Time Warner Cable chairman and CEO Rob Marcus told analysts Thursday that its testing of an IP-based video product in New York utilizing Roku boxes is a lot of things, but one thing it isn’t is an attempt to go over-the-top.
Time Warner Cable began testing the service earlier this week, offering the full suite of its video offerings through a Roku box. Some reports said that TWC was planning to test a $10 monthly service with about 20 channels and a full-blown offering for about $50 per month.
On a conference call with analysts to discuss its third quarter results, Marcus said the trial is a natural extension of its TWC TV app, available on IoS and Android smartphones and other devices.
“The way I would characterize the New York City trial is really the next step in the evolution of TWC TV," Marcus said. "When we launched the TWC TV app the goal was to create an offering that was complementary to our traditional video product. As we move forward and what we’re trialing with this beta [test] in New York is we're going to move that TWC TV capability toward a full video offering that could be substitutional for the traditional set-top box-based video product. Where we're headed is the ability of customers to access the complete video product without having to rent a set-top box from us, whether they use a Roku or ultimately another IP-enabled device. But what we need to accomplish that is first we need to ensure that the video product complies with Title VI of the  Telecom Act in the same way our traditional service does.”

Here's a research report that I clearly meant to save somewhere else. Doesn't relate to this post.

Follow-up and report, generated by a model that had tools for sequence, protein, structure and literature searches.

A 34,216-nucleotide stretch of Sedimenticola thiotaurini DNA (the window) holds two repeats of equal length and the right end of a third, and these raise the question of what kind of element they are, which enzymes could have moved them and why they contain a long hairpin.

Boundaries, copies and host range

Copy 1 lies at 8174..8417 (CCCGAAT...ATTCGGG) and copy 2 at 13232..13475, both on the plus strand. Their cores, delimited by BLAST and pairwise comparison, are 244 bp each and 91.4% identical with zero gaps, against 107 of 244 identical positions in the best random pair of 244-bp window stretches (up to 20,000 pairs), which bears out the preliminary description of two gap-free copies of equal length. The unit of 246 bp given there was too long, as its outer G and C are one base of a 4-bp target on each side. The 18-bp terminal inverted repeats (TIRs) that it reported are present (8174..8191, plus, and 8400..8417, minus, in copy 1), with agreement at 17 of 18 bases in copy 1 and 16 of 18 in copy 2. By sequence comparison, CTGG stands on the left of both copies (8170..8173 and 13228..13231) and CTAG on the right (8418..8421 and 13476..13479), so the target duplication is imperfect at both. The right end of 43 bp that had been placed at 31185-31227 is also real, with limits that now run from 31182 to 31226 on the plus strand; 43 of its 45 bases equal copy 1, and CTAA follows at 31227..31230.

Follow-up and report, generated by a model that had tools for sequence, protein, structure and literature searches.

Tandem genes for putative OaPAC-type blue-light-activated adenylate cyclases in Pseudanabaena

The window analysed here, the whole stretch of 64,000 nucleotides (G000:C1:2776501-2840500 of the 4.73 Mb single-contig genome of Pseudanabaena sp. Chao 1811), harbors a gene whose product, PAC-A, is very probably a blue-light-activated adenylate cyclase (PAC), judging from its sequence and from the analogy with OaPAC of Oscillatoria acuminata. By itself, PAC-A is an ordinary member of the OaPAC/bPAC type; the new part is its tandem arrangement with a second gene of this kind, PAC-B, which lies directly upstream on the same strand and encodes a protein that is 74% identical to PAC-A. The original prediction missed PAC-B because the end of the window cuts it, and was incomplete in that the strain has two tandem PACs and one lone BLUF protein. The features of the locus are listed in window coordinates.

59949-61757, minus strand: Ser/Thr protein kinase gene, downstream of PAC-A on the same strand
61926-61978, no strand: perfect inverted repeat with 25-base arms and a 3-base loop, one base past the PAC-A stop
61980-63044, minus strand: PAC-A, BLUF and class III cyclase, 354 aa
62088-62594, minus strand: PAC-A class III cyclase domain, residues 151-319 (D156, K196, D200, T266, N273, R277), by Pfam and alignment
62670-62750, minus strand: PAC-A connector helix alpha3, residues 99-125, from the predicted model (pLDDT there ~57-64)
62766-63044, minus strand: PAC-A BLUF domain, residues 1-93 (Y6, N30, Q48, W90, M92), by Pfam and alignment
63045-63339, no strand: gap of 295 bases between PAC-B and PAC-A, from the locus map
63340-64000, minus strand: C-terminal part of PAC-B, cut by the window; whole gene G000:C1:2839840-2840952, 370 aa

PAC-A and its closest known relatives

That means making sure the product includes Emergency Alert service; has the complete TWC channel lineup, including PEG channels, and improving the video picture resolution from standard definition to high definition.
Marcus said that further enhancements could be made to the product down the road, but stressed that the product is not an attempt by Time Warner Cable to offer an over-the-top product.
“Our IP video offering is not over-the-top,” Marcus said. “This is a video service that we are delivering over our facilities, not anybody else’s. Over time there might be a TV Everywhere component to this just like there is one to our traditional video offering. But what we’re talking about here is a managed video service over our network.”
He added that while the tests involve the full Time Warner Cable video offering, it doesn’t mean that later iterations wouldn’t include smaller packages.
“We’re fans of choice,” Marcus said.
He said TWC will continue to promote smaller packages like its basic cable offering plus a premium channel or its low-cost TV Essentials package aimed at cost-conscious consumers. He noted, though, that in the quarter, about 82% of new customers opted for the full video package.
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